return "google result: " + search
}

func searchByBaidu(search string) string {
   time.Sleep(time.Second)
   return "baidu result " + search
}
Question 1:

When the desired results are obtained, how to notify or safely exit other ongoing processes?

func main() {
    ch := make(chan string, 32)
    cancel := make(chan struct{},2)
    
    go func() {
        ch <- searchByGoogle("golang",cancel)
    }()
    go func() {
        ch <- searchByBaidu("golang",cancel)
    }()

    fmt.Println(<-ch)
    cancel <- struct{}{}

    time.Sleep(time.Second)
}

func searchByGoogle(search string,cancel chan struct{}) string {

    done := make(chan struct{})
    go func() {
        time.Sleep(2 * time.Second)
        done <- struct{}{}
    }()

    select {
    case <- done:
        return "google result " + search
    case <- cancel:
        fmt.Println("google cancel")
        return "google cancel"
    }
}

func searchByBaidu(search string,cancel chan struct{}) string {
    done := make(chan struct{})
    go func() {
        time.Sleep(1 * time.Second)
        done <- struct{}{}
    }()

    select {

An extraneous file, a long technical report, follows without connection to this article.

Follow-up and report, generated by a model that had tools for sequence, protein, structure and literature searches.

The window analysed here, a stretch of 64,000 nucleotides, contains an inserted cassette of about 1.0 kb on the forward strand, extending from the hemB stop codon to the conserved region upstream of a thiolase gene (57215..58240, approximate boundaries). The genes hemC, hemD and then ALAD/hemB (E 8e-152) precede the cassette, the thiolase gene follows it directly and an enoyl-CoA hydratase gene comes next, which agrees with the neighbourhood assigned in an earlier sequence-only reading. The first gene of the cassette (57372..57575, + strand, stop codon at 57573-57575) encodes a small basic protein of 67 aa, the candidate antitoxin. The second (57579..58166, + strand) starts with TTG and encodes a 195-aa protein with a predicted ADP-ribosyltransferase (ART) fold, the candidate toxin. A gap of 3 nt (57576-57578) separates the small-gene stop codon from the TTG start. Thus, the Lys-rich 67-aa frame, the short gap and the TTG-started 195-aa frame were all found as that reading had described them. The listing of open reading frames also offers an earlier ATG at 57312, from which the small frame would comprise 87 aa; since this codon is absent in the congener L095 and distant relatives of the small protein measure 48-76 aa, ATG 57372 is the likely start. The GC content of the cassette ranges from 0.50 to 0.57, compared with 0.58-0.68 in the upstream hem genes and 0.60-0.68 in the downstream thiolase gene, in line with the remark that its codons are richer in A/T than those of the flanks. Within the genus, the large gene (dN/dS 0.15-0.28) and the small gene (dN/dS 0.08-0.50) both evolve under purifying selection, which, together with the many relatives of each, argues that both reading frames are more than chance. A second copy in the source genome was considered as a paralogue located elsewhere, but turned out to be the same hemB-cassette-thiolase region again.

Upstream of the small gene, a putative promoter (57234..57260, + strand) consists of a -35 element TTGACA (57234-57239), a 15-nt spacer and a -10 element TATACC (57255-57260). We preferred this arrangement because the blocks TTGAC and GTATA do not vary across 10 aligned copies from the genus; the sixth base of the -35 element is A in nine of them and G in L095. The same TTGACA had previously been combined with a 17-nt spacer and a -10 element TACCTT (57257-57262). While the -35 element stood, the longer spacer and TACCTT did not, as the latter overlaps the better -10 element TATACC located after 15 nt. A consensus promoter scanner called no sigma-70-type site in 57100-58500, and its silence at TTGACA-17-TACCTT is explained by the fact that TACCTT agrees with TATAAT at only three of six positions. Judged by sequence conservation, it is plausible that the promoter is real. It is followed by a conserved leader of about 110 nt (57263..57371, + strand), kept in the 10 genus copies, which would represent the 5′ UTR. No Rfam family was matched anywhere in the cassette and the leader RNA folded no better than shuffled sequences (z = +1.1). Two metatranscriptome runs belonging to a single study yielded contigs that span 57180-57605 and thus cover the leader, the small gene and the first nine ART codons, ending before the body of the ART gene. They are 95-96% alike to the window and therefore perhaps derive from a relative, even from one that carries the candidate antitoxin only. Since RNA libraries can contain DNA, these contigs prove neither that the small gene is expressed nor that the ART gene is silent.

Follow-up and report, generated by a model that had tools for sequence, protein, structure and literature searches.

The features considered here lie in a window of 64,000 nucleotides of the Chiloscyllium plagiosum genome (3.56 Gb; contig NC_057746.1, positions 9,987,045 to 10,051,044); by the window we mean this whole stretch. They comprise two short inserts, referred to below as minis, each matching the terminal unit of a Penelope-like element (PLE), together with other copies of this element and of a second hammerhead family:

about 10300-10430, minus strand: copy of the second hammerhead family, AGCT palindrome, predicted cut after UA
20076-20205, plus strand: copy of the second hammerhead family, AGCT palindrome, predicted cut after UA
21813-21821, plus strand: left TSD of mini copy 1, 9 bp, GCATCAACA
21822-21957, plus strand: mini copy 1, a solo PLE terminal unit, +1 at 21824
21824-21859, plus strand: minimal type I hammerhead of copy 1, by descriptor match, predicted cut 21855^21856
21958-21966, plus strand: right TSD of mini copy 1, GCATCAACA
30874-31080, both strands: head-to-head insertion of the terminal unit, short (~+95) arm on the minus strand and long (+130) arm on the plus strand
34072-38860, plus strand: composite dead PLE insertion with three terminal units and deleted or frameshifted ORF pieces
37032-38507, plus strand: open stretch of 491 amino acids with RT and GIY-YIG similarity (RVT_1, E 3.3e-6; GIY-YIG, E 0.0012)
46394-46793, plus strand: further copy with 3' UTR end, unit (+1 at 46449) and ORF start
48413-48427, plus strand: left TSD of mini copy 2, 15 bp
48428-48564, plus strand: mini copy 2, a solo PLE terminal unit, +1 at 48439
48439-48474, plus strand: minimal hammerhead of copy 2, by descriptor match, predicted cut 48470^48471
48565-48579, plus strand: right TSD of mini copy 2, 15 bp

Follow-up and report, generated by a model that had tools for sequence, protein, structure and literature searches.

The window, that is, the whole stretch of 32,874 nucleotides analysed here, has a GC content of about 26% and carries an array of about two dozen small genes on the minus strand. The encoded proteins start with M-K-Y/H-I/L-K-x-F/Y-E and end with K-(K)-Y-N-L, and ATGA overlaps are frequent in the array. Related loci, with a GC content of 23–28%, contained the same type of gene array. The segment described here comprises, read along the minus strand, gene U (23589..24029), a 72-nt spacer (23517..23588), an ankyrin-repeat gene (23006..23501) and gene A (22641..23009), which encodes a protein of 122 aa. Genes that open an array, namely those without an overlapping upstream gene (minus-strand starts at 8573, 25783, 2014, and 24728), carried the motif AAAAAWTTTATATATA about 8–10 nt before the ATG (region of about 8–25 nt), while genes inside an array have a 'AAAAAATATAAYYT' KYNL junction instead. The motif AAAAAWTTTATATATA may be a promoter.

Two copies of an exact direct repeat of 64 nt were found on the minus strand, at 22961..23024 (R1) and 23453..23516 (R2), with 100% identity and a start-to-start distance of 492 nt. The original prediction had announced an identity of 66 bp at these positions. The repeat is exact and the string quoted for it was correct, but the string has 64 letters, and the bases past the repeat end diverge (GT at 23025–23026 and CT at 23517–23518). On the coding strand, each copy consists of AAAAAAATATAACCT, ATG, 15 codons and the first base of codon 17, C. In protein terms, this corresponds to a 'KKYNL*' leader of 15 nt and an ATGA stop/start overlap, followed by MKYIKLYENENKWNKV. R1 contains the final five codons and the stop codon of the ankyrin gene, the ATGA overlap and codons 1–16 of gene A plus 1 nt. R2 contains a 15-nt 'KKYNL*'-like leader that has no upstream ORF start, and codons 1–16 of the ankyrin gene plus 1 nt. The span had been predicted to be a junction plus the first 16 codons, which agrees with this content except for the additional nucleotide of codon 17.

case <- done:
        return "baidu result " + search
    case <- cancel:
        fmt.Println("google cancel")
        return "baidu cancel"
    }
}
Question 2:

How to do timeout control?

Goroutine leak

1. Forgotten sender

func searchByBaidu(search string,cancel chan struct{}) string {
    done := make(chan struct{}) 
    go func() {
        time.Sleep(1 * time.Second)
        done <- struct{}{}
    }()

    select {
    case <- done:
        return "baidu result " + search
    case <- cancel:
        fmt.Println("google cancel")
        return "baidu cancel"
    }
}

Case < - done and case < - cancel are not sure which will be executed. If < - cancel is executed, the fifth line done < - struct {} {} will be blocked forever, and Goroutine cannot exit